One doctor’s race to save his own life — and others’

David Fajgenbaum, MD, nearly died five times. Then, using his own records and blood samples, he found an existing drug that offered hope. In the process, he devised a bold new way to study rare conditions.
David Fajgenbaum, MD
David Fajgenbaum, MD, is surviving and researching a deadly rare disease. Credit: Rebecca McAlpin

Editor’s note: The opinions expressed by the author do not necessarily reflect the opinions of the AAMC or its members. The author’s book, Chasing My Cure: A Doctor’s Race to Turn Hope Into Action, is being released today by Ballantine Books.

I don’t remember much from when I had my last rites read to me in 2010 at 25 years old. I was incapacitated and suffering from failure of my liver, kidneys, and other vital organs. I do remember it was dark and I was scared to die. As a third-year medical student, I had never witnessed such a rapid decline in anyone’s health, let alone my own. After weeks in the ICU, I had finally been diagnosed with idiopathic multicentric Castleman disease (iMCD), and my doctors had started me on chemotherapy in a last-ditch effort to keep me alive.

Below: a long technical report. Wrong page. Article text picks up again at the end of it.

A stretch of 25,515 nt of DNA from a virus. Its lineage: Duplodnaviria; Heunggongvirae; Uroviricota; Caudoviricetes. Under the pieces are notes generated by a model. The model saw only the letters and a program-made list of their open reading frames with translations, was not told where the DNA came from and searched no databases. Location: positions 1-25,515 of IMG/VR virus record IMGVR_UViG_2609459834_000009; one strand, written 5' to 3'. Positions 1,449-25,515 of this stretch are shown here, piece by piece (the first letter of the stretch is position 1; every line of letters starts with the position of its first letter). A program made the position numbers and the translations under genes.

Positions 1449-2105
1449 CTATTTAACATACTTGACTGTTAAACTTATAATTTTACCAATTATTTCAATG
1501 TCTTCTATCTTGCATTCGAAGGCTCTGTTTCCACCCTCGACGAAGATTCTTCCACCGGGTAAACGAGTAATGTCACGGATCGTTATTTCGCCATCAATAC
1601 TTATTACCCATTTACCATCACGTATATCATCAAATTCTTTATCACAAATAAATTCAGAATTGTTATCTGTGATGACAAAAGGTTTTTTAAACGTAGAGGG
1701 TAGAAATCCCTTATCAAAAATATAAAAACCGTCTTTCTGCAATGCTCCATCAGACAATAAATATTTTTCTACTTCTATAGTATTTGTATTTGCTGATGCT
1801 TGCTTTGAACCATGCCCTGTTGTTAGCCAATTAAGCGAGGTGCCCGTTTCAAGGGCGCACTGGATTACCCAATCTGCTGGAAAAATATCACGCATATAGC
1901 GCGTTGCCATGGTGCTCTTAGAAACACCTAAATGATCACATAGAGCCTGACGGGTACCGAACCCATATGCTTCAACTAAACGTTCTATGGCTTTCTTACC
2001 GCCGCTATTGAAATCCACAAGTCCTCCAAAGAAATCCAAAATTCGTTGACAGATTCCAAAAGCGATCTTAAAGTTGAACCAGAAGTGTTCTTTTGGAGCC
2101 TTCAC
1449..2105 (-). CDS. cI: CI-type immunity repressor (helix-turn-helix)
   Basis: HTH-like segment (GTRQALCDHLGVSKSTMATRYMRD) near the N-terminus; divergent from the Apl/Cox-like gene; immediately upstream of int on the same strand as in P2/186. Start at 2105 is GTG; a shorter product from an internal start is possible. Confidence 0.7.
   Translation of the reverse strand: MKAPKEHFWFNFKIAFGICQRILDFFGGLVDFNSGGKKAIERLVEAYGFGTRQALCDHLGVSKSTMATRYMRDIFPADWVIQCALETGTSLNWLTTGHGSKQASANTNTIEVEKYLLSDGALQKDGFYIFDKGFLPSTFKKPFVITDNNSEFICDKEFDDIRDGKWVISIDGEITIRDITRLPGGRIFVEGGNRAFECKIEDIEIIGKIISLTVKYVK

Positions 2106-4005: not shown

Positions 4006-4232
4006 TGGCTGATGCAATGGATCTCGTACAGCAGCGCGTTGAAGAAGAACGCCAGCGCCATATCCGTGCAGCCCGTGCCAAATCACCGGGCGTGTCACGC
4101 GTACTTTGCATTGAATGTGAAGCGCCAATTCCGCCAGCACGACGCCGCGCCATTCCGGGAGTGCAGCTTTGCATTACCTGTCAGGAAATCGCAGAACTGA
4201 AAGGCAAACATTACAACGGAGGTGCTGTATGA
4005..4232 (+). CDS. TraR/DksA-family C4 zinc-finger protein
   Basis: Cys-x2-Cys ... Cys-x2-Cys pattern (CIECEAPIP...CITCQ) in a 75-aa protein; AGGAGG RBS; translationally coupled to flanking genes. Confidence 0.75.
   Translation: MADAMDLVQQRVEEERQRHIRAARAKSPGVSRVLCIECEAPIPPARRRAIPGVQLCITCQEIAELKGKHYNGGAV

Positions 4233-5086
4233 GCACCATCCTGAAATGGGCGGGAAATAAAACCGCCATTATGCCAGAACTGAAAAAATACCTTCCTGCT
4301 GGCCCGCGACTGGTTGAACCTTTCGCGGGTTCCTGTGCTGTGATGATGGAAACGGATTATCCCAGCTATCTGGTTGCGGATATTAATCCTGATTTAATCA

Fortunately, the chemotherapy kicked in just in time to save my life. Unfortunately, I would go on to have four life-threatening relapses over the next three years.

I would soon learn that iMCD is the deadliest subtype of Castleman disease, which is diagnosed in approximately 5,000 new patients in the United States each year — roughly the same number as ALS. Sitting at the intersection of lymphoma and autoimmune diseases, iMCD involves a hyperactivated immune system that shuts down vital organ function for no known reason. Approximately one-third of patients die within five years of diagnosis, and another third die within 10 years. iMCD is so deadly because inadequate funding and research means it’s poorly understood. In fact, there were no Food and Drug Administration (FDA)-approved treatments, no diagnostic criteria, no treatment guidelines, and no coordinated research effort at the time of my diagnosis.